How to dispose of fluorescent lighting when upgrading to LED tube lights 

How to dispose of fluorescent lighting when upgrading to LED tube lights 

When you are retrofitting your business by replacing fluorescent lighting with LED tube lights, you have to dispose of the waste.

March 3, 2016

As Australia replaces millions of outdated fluorescent lights with LED tubes and LED panels, the amount of mercury going into landfill is cause for concern. What you do with your old lights could reduce landfill and improve your PR, or get you into hot water. But is it better to re-use or recycle?  

Reusing fluorescents for a good cause 

In a recent Austep Lighting project, we partnered with a solar company to upgrade a Queensland school to energy efficient solar panels and LED lighting. As part of this initiative, we found a cyclone affected village in Vanuatu and donated over 1,000 working fluorescent tubes to them for use in a school.  

If you update your lights to LED tubes or LED panels and your old fluorescent lights are still in good condition, consider donating them to someone who could use them. Everyone loves a bargain, and you may be able to find a construction company, a business owner, or a non-profit who works with developing countries who can re-use them.  

Re-using is often better than recycling, but it’s not always black and white. You need to ensure the lights are in good condition, as dumping waste on someone else is not ethical, especially if the fluorescent tubes pose a safety risk.  

The other thing to consider is whether they will be recycled – if you send them straight to recycling, you know they won’t end up in landfill. But if you donate them to someone, can you be sure they won’t end up in the bin?  

Reducing landfill by recycling 

Fluorescent lighting contains poisonous mercury and should not be sent to landfill.  

Due to their toxicity, Australian standards mandate that compact fluorescents (CFLs) contain no more than 5mg of mercury, and fluorescent tubes no more than 15mg. But each light adds to the amount of toxic methyl mercury that spreads from landfill into the wider environment through air, water, and soil.  

It’s estimated that currently 95% of mercury-containing lamps are sent to landfill in Australia. Furthermore, commercial and public lighting accounts for approximately 90 per cent of all lighting waste. When you consider that Australians dump between 57 and 71 million lights a year, that’s a lot of mercury!  

Recycling our 71 million fluorescent light bulbs would not only stop mercury from bleeding into our environment, but it would also help us recover 13,000 tonnes of glass, 500 tonnes of aluminium, 400 tonnes of other metals and 300 tonnes of phosphor powder.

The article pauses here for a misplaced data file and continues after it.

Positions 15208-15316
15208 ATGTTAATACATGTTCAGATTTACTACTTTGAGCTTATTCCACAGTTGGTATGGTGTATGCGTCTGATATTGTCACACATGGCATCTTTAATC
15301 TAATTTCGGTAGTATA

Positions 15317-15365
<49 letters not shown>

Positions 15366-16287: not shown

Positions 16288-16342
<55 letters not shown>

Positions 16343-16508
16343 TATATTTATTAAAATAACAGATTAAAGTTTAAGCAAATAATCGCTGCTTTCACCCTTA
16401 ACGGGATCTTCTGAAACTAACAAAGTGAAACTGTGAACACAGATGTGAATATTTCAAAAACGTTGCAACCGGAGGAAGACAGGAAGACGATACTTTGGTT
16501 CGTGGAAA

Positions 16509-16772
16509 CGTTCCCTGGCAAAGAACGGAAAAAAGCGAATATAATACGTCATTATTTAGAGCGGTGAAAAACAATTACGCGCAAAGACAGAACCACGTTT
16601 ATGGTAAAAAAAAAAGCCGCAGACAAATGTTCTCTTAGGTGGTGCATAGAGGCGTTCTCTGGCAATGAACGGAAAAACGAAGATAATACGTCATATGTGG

How to recycle fluorescent lighting

In some cases, re-using is better than recycling. However, if your fluorescent lights have reached the end of their life and stopped working, they need to be disposed of. Recycling fluorescent lighting diverts mercury from entering the environment, allowing it be be reused along with the glass and aluminium while reducing landfill.   

The government initiative FluoroCycle promotes the increase of Australia’s mercury-containing lamps recycling. There are a few different ways you can recycle your old fluorescents: 

  • Austep Lighting can arrange for your old fluorescent lights to be recycled, but not all lighting companies offer this service. We recycle most of our fluorescent tubes through CMA Ecocycle.  
  • If you only have a small quantity, most council dumps have a special bin for fluorescent recycling. Some lighting stores, and other retail outlets such as Bunnings, will also take fluorescent lights for recycling.  
  • To recycle commercial quantities, private recycling companies will pick up and recycle large numbers of fluorescent lamps for a cost. Some of them will even send you pre-paid postage boxes to put the lamps in. The cost is usually $1 – $3 per tube.  

What you can do 

  1. If you want to reduce your power bills by updating to LED tubes or LED panels, get in touch with a company such as Austep Lighting. 
  2. If you’re not yet ready for LED, for example if you only run your lights for a few hours per day, contact an LED lighting company and see if they can give you free fluorescent tubes.  
  3. If you’ve already switched to LED and have old fluorescent tubes sitting around that are still in good condition, consider giving them away, or recycle them.  

Replace your old tubes today